Putin orders all mercenaries to pledge allegiance to Russia
The new oath is to ensure that all Russian soldiers ‘strictly follow the orders of commanders and superiors’
By James Kilner and Joe Barnes
Vladimir Putin has ordered Wagner mercenaries to swear an oath of allegiance to him two days after their leader, Yevgeny Prigozhin, died in a plane crash widely blamed on the Kremlin.
The order came as Russians fighting for Ukraine urged grieving Wagner fighters to join their ranks, although the mood of the Kremlin mercenaries appeared sombre rather than rebellious.
The new oath aims to build “the spiritual and moral foundations for the defence of the Russian Federation” and ensure that all Russian soldiers and mercenaries “strictly follow the orders of commanders and superiors”.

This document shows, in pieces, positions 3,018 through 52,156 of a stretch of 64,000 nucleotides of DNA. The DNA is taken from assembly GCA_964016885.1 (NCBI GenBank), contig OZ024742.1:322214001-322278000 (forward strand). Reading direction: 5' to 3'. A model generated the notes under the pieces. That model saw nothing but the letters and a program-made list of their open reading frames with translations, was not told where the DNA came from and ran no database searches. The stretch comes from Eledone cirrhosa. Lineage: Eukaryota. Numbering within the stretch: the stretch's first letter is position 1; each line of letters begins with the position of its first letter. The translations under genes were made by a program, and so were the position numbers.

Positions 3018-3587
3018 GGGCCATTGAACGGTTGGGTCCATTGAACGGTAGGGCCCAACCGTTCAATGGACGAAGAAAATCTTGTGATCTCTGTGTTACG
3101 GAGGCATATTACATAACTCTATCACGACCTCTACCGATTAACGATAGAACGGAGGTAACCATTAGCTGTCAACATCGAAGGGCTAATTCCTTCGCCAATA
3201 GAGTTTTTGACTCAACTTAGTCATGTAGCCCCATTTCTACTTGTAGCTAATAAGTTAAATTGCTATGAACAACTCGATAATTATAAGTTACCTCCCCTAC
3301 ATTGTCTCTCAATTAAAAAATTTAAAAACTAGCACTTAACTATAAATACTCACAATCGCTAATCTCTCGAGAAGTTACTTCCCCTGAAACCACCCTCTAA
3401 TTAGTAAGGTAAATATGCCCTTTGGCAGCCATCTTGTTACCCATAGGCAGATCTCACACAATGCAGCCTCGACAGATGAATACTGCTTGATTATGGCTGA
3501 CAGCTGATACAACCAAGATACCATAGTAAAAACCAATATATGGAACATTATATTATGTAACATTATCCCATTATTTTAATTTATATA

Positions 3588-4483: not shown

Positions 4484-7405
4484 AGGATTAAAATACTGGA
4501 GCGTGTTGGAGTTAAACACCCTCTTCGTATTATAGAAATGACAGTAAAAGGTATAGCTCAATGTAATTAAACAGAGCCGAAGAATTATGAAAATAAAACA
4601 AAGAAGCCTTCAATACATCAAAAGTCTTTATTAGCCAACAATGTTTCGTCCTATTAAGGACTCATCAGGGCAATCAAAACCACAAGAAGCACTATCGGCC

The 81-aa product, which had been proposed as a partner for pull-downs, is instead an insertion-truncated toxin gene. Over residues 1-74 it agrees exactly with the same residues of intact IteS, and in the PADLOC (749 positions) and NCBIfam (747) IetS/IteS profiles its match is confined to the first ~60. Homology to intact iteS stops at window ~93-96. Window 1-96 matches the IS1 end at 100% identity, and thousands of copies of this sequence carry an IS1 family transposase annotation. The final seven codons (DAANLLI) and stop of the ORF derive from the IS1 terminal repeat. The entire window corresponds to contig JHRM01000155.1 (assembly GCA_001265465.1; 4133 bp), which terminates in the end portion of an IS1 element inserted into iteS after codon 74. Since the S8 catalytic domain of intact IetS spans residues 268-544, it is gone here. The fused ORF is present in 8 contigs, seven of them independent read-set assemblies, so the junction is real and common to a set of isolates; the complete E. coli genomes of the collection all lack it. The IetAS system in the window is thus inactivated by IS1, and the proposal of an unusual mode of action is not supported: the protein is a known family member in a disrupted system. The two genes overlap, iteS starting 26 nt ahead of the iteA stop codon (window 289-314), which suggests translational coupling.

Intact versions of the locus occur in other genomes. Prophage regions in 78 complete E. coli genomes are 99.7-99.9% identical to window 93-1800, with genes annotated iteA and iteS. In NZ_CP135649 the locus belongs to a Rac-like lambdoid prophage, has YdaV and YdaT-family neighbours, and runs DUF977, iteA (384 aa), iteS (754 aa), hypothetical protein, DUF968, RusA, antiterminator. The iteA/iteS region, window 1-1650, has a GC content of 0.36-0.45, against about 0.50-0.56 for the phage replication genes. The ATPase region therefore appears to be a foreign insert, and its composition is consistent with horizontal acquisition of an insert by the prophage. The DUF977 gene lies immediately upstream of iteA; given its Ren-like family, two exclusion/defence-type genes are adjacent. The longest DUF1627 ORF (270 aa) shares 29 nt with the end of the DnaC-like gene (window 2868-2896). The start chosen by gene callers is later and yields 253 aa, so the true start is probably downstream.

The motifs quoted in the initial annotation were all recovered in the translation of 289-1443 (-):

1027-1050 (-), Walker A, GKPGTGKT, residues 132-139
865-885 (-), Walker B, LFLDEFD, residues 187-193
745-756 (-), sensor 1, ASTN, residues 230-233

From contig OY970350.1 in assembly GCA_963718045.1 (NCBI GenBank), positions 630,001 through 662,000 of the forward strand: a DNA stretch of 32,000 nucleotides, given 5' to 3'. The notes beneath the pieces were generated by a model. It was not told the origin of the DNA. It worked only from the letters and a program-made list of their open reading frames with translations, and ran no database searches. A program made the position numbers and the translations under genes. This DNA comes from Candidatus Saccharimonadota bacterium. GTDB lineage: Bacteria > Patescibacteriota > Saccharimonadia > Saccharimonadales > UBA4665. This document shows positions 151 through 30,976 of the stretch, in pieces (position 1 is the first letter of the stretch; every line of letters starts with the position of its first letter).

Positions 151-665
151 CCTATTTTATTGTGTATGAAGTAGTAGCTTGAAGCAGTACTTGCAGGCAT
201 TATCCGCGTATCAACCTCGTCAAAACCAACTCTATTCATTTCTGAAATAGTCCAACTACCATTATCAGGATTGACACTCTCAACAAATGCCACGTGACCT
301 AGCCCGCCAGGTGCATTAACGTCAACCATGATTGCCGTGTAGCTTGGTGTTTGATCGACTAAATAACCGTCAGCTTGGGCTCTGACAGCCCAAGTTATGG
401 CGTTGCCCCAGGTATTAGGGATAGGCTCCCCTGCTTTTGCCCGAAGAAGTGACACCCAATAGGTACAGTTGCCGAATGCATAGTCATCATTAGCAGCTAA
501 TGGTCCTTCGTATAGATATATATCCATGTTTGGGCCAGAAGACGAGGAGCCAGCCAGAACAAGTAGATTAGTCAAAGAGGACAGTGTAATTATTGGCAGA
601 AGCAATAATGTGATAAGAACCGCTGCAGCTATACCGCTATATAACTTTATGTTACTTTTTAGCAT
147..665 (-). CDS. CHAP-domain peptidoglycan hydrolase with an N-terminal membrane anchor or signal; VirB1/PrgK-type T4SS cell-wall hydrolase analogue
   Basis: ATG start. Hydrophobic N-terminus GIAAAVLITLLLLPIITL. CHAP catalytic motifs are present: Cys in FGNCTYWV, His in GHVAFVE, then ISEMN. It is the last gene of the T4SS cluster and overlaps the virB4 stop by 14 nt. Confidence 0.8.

Prigozhin and nine other people, mainly top Wagner commanders, were killed when his private jet crashed near Moscow on Wednesday afternoon, two months after he launched his mutiny.
Western intelligence agencies have accused Putin of planting a bomb on the plane.
The Kremlin dismissed accusations it ordered Prigozihn’s assassination as an “absolute lie” in the first direct denial.
Alexander Lukashenko, the Belarusian dictator and close ally of Putin who mediated the deal that ended the mutiny this summer, said he “can’t imagine” the Russian president ordered the assassination.
Earlier on Friday, the Russian Volunteer Corps, a group of Russians fighting for Ukraine, said Wagner mercenaries should join their ranks and avenge Prigozhin’s death.
“Together we’ll march on Moscow and this time we will not stop 200km from the Moscow Ring Road but we will reach the end,” Denis Nikitin, its leader, said referring to the Wagner rebellion in June that Prigozhin called off 120 miles from the Russian capital.